16. Starkman MN, Marshall JC, La Ferla J, Kelch RP: Pseudocyesis: psychologic and neuroendocrine interrelationships.

    Psychosom Med 1985, 47:46-57. PubMed Abstract | Publisher Full Text OpenURL

  17. Hernández-Rodríguez I, Moreno MJ, Morano LE, Benavente JL: Systemic lupus erythematosus presenting as pseudocyesis.

    Br J Rheumatol 1994, 33:400-402. PubMed Abstract | Publisher Full Text OpenURL

  18. Ahuja N, Vasudev K, Lloyd A: Hyperprolactinemia and delusion of pregnancy.

    Psychopathology 2008, 41:65-68. PubMed Abstract | Publisher Full Text OpenURL

  19. Posner LB, de Chabert RA, Posner AC: Simulated pregnancy following pseudocyesis.

    Am J Obstet Gynecol 1962, 83:976-977. PubMed Abstract OpenURL

  20. Daw E: Pseudocyesis.

    Br J Clin Pract 1973, 27:181-183. PubMed Abstract OpenURL

  21. Chambers WR: Brain tumor simulating pregnancy.

    Am J Obstet Gynecol 1955, 70:212-213. PubMed Abstract OpenURL

  22. Echániz A, Millán A, del Río Fuentes A, Pedreira JD: Pseudopregnancy and gastric adenocarcinoma.

    Med Clin (Barc) 1984, 83:307-308. OpenURL

  23. Manzi D, Greenberg B, Maier D, Forouhar F, Malchoff CD: Bronchogenic carcinoma presenting as a pseudopregnancy.

    Chest 1995, 107:567-569. PubMed Abstract | Publisher Full Text OpenURL

  24. Alfonso CA: Pseudocyesis with concomitant medical illness.

    Gen Hosp Psychiatr 1990, 12:205-206. Publisher Full Text OpenURL

  25. Benzick JM: Illusion or hallucination? Cholecystitis presenting as pseudopregnancy in schizophrenia.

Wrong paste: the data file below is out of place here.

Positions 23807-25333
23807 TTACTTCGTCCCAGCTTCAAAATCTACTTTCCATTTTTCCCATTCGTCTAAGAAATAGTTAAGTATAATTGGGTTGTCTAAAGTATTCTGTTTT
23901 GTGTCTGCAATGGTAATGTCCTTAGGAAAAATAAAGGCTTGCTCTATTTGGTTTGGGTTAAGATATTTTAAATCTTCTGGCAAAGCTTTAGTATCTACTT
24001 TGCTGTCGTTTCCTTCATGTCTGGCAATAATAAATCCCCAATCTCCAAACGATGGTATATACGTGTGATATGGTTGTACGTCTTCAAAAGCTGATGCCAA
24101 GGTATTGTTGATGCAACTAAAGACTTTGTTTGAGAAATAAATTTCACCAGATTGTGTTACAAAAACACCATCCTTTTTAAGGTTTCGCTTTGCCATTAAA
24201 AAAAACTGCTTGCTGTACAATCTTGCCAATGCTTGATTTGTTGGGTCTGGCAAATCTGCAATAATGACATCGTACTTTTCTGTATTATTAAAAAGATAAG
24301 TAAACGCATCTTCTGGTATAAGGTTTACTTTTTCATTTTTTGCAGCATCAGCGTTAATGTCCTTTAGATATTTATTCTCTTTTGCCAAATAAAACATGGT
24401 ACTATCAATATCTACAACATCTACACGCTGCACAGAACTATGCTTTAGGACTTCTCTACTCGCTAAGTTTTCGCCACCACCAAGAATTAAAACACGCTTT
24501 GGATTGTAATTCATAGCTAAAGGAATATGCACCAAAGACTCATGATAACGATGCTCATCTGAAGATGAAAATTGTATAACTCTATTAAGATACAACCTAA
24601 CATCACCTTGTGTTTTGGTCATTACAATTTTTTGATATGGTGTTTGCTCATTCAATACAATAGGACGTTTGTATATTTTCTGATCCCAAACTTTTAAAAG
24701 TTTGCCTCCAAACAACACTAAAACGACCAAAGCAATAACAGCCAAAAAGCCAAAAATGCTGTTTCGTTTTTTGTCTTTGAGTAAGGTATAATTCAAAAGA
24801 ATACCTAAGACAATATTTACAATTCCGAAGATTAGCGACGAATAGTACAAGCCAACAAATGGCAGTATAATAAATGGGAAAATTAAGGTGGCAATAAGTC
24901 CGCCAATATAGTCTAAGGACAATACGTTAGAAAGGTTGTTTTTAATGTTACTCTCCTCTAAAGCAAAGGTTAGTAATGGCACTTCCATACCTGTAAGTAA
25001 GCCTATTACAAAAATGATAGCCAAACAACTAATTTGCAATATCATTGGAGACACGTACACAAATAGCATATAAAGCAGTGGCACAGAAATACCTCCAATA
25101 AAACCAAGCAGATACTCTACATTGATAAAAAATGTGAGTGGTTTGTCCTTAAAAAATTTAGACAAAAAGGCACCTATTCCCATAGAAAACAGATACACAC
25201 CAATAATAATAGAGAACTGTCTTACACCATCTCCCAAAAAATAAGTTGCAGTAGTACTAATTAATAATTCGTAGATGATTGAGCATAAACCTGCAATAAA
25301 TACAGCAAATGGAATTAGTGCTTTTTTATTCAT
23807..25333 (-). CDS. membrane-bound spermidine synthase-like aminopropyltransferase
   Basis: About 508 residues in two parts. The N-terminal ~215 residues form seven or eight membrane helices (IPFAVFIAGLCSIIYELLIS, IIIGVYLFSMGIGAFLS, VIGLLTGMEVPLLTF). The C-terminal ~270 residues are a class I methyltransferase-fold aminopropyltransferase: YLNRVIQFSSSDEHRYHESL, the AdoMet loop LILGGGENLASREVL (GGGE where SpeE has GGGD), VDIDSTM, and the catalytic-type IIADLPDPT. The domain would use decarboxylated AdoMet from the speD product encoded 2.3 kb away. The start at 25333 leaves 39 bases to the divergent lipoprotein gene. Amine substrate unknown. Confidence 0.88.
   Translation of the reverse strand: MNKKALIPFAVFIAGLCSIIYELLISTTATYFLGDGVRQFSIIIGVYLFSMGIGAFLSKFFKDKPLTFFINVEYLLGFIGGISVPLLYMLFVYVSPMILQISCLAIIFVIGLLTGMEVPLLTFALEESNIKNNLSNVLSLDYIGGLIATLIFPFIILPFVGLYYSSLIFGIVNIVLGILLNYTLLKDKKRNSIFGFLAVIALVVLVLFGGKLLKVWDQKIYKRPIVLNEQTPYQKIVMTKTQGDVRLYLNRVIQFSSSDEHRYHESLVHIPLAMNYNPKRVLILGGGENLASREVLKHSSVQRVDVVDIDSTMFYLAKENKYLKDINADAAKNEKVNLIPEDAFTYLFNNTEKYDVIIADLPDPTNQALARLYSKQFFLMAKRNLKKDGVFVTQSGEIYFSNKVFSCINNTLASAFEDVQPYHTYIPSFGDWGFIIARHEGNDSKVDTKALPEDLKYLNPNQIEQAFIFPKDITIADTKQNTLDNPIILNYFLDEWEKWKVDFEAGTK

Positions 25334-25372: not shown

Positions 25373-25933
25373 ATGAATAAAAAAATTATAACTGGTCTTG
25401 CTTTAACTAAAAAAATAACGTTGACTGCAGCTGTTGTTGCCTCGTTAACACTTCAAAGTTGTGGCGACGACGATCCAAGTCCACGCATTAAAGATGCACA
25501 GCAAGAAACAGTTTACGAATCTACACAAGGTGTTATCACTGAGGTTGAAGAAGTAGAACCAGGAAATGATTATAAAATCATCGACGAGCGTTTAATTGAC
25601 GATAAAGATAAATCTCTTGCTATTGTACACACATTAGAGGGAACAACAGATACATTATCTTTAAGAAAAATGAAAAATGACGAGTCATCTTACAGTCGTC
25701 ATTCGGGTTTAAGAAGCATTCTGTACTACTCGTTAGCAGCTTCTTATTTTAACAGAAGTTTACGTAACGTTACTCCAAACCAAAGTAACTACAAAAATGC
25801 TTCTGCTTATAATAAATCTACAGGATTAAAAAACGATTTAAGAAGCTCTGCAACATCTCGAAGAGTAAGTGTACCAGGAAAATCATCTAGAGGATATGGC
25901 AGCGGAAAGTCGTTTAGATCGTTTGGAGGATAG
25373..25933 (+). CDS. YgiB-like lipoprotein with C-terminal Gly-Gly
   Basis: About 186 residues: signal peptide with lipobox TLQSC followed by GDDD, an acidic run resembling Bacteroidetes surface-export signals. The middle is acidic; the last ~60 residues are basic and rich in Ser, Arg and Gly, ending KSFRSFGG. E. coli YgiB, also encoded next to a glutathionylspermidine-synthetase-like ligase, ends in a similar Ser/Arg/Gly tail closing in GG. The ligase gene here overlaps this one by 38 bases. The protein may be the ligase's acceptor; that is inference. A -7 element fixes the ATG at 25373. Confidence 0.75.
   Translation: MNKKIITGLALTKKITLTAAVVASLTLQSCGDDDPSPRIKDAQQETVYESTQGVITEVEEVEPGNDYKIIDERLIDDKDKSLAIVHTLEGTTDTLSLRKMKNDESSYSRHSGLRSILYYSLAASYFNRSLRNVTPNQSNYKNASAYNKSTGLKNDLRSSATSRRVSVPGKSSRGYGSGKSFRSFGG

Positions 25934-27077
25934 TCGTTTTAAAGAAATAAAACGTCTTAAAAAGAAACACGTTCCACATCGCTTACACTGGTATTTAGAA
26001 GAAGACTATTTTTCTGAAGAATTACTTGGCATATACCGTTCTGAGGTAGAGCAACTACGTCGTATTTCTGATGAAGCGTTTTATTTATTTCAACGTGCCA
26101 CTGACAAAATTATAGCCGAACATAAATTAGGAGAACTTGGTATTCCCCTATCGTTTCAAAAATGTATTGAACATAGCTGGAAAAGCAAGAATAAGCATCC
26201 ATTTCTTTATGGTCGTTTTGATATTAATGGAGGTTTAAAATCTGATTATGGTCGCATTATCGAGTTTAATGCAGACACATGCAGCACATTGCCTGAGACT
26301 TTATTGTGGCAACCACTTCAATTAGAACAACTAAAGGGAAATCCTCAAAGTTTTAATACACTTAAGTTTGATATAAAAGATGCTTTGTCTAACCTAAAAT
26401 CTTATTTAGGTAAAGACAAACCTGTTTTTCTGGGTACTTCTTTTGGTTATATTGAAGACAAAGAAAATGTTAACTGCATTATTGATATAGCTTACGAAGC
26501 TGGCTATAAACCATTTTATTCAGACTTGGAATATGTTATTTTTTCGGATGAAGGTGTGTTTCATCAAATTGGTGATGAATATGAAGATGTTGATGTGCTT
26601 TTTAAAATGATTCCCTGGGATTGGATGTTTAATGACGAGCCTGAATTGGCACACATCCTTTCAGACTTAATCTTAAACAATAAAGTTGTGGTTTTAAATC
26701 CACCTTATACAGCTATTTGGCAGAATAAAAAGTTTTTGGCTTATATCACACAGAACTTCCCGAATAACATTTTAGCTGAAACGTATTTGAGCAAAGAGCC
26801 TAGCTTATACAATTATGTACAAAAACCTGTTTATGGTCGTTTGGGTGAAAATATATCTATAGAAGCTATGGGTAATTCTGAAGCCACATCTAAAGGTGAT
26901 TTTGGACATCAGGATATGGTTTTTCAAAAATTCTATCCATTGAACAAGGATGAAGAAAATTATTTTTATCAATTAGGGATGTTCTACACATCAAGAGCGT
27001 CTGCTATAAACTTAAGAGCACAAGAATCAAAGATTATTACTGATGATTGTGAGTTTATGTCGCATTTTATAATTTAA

Psychosomatics 2000, 41:450-452. PubMed Abstract | Publisher Full Text OpenURL

  26. Yeh YW, Kuo SC, Chen CY: Urinary tract infection complicated by urine retention presenting as pseudocyesis in a schizophrenic patient.

    Gen Hosp Psychiatr 2012, 34:101.e9-101.e10. Publisher Full Text OpenURL

  27. Flanagan PJ, Harel Z: Pseudocyesis in an adolescent using the long-acting contraceptive Depo-Provera.

    J Adolesc Health 1999, 25:238-240. PubMed Abstract | Publisher Full Text OpenURL

  28. Ahuja N, Moorhead S, Lloyd AJ, Cole AJ: Antipsychotic-induced hyperprolactinemia and delusion of pregnancy.

    Psychosomatics 2008, 49:163-167. PubMed Abstract | Publisher Full Text OpenURL

  29. Manjunatha N, Saddichha S: Delusion of pregnancy associated with antipsychotic induced metabolic syndrome.

    World J Biol Psychiatr 2009, 10:669-670. Publisher Full Text OpenURL

  30. Seeman MV: Antipsychotic-induced amenorrhea.

    J Ment Health 2011, 20:484-491. PubMed Abstract | Publisher Full Text OpenURL

  31. Small G: Pseudocyesis: an overview.

    Can J Psychiatr 1986, 31:452-457. OpenURL

  32. Ayers JW, Seiler JC: Neuroendocrine indices of depression in pseudocyesis. A case report.

    J Reprod Med 1984, 29:67-70. PubMed Abstract OpenURL

  33. Devane GW, Vera MI, Buhi WC, Kalra PS: Opioid peptides in pseudocyesis.

    Obstet Gynecol 1985, 65:183-188. PubMed Abstract OpenURL

  34. Yen SS, Rebar RW, Quesenberry W: Pituitary function in pseudocyesis.

    J Clin Endocrinol Metab 1976, 43:132-136. PubMed Abstract | Publisher Full Text OpenURL

  35. Tulandi T, McInnes RA, Mehta A, Tolis G: Pseudocyesis: pituitary function before and after resolution of symptoms.